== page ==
Statement of claim is not a notice of rescission: Adler

By Jennifer Brown, Senior Editor

A recent case illustrates that when seeking to rescind an agreement with a franchisor, a franchisee must give proper notice and can’t do it at the eleventh hour in a lawsuit, says Toronto franchise lawyer Joseph Adler.

The case involved owners of a burger franchise in Ontario and a franchisor who terminated the franchisee’s franchise agreement. In turn, the franchisee’s lender sued the franchisee to recover the loan it had provided. The franchisee then sued the franchisor and made a claim for the first time that it was seeking to rescind the franchise agreement.

The court ruled that the claim could not be considered proper notice under s. 6(3) of the Arthur Wishart Act (AWA).

“What the court confirmed is that a statement of claim is not a notice of rescission,” says Adler, a partner with Hoffer Adler LLP.

Under the AWA, Ontario’s franchise legislation, a franchisee is entitled to rescind (i.e. unwind) its agreement with a franchisor within two years of the date of the franchise agreement if the franchisor failed to provide adequate disclosure to the franchisee before the agreement was signed. A franchisee has an obligation to provide notice of rescission to the franchisor in order to properly engage the franchisee’s statutory rights of rescission.

“To make a proper claim for rescission, the franchisee must deliver to the franchisor a notice of rescission and thereby provide the franchisee with an opportunity to respond within the statutory period of time. The latest the notice can be delivered is two years after the franchisee enters into an agreement with the franchisor,” explains Adler, who was not involved in the matter and comments generally.

“If they would have sought franchise counsel, the first question a lawyer would ask is, ‘When did you sign the franchise agreement?’ The two-year rescission period is critical, and if you miss it, it’s fatal,” Adler tells “You can make a claim for rescission under the common law, but it doesn’t have the same force that the statutory remedy does for numerous reasons.”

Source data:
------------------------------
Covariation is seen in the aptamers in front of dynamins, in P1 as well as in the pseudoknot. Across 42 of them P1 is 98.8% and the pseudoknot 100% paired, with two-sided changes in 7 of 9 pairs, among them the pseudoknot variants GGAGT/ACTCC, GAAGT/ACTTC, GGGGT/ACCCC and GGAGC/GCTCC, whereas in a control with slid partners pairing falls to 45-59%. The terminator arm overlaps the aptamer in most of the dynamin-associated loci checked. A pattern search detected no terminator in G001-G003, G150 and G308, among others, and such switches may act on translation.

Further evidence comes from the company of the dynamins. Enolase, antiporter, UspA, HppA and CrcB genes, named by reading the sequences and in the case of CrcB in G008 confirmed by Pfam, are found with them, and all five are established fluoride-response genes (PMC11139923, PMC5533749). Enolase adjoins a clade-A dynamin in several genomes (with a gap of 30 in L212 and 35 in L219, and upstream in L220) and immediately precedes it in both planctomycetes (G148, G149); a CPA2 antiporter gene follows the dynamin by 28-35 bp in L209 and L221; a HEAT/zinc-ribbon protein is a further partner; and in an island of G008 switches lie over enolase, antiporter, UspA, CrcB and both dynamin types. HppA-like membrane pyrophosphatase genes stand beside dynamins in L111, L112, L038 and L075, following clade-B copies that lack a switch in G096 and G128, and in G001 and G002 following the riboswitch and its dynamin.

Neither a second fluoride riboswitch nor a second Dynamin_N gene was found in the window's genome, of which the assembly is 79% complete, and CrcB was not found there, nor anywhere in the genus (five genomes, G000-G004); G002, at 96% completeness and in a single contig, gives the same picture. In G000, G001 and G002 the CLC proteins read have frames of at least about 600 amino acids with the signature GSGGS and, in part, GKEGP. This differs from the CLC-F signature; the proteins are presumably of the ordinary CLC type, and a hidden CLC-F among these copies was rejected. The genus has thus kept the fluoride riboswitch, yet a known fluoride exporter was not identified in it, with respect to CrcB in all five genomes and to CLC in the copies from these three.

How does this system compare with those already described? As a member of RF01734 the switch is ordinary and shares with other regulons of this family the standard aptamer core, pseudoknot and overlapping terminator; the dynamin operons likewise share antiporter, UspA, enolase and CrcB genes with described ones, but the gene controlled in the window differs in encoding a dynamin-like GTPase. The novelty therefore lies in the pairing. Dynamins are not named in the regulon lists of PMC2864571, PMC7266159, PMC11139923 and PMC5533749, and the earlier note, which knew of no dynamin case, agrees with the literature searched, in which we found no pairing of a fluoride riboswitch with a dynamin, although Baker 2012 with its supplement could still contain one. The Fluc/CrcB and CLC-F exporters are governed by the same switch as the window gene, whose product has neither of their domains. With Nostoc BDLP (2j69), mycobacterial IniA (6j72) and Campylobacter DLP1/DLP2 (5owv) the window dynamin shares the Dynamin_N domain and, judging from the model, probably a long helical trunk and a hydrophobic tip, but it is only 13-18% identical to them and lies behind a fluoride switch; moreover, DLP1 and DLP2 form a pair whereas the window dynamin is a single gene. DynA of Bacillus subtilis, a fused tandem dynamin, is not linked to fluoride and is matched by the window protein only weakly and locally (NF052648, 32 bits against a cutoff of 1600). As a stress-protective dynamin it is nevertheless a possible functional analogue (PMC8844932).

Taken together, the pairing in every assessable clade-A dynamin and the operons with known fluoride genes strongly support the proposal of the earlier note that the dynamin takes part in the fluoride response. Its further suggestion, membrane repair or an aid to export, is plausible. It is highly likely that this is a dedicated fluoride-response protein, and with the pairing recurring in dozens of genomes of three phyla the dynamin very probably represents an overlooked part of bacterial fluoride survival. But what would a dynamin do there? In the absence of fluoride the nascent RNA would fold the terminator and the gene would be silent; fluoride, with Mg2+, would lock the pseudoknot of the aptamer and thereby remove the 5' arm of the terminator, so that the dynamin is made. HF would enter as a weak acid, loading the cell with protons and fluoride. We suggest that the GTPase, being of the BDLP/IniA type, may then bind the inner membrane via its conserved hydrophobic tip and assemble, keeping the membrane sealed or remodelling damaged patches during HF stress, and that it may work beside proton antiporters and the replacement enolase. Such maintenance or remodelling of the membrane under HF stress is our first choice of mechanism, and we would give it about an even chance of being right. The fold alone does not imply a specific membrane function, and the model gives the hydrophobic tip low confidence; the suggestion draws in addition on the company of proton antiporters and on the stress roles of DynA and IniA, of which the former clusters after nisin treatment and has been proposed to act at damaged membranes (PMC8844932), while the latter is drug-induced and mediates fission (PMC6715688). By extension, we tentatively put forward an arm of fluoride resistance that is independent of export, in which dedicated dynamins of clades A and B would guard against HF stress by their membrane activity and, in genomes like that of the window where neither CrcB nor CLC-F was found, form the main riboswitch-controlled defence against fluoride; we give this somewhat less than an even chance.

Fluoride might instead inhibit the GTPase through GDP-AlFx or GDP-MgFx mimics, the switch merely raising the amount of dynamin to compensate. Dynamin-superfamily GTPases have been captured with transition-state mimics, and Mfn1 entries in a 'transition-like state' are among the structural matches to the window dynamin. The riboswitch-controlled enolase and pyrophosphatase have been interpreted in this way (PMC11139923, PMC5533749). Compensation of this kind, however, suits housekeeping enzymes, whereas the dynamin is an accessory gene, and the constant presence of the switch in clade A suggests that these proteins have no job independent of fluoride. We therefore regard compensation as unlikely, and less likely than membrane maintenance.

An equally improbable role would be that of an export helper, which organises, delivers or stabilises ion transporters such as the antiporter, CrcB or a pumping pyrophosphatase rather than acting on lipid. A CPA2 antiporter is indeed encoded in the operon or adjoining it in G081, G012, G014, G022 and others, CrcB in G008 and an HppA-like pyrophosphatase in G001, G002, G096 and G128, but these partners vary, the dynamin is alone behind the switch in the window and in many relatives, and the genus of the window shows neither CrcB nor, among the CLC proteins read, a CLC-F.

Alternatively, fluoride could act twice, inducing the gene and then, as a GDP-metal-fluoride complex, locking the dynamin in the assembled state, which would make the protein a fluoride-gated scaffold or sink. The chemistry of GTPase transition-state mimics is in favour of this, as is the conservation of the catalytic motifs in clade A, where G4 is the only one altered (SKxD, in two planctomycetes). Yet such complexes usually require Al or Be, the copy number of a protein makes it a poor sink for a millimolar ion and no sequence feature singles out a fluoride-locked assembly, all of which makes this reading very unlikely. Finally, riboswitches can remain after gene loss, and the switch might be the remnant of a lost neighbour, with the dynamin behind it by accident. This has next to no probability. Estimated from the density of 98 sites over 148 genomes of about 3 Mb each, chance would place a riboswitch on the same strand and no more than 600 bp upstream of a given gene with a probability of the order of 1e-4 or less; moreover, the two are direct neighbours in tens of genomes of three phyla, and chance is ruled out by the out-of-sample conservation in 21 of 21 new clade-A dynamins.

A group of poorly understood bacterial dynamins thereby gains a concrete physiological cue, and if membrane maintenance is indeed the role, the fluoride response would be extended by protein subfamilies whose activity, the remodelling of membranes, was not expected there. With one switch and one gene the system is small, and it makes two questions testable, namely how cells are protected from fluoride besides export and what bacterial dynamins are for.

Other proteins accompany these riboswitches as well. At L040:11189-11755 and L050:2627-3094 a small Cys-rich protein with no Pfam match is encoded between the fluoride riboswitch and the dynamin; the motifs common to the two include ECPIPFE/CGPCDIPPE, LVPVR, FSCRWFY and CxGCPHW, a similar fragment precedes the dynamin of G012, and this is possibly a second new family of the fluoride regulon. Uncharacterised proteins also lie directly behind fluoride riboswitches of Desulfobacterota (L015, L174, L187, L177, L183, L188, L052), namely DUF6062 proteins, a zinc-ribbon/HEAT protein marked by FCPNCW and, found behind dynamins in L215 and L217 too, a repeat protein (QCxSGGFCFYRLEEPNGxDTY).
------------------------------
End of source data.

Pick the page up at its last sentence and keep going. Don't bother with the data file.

The matter relied on previous case law, but Adler says the most poignant argument the judge made is that in s. 6 of the AWA — the notice of rescission section requires that the franchisor be given 60 days to respond to the notice of rescission and potentially compensate the franchisee for its costs.

“You can’t get away with simply issuing a statement of claim because you’re not giving the franchisor an opportunity to respond to the notice of rescission. The judge correctly said that would be very unfair,” Adler says.

In the decision, the judge stated: “A pleading for rescission under the Wishart Act only crystallizes after a franchisor has failed or refused to compensate the franchisee with subsection 6(6) of the Wishart Act, and is meant to seek damages for unlawful conduct.

“To illustrate the absurd result if a pleading could act as a notice under subsection 6(3), a franchisee could sue the franchisor in a claim for rescission without the franchisor being given any time to comply with what the legislation says it must do. This would not be fair to the franchisor. This would also undermine the legislative framework set up under section 6 of the Wishart Act. Indeed, subsection 6(6) seems to be a legislative alternative to the franchisee being forced to bring a cause of action,” the decision continues.

Adler says the court has made it clear that the 60-day process has to proceed before there would be any relief because until that 60-day period has elapsed without payment by the franchisor, the franchisee has no cause of action.

“The issue here is that the franchisee missed the deadline to issue the notice of rescission, and it is looking to hang its hat on the fact it issued the statement of claim. Is that sufficient? The court definitively says no,” says Adler.

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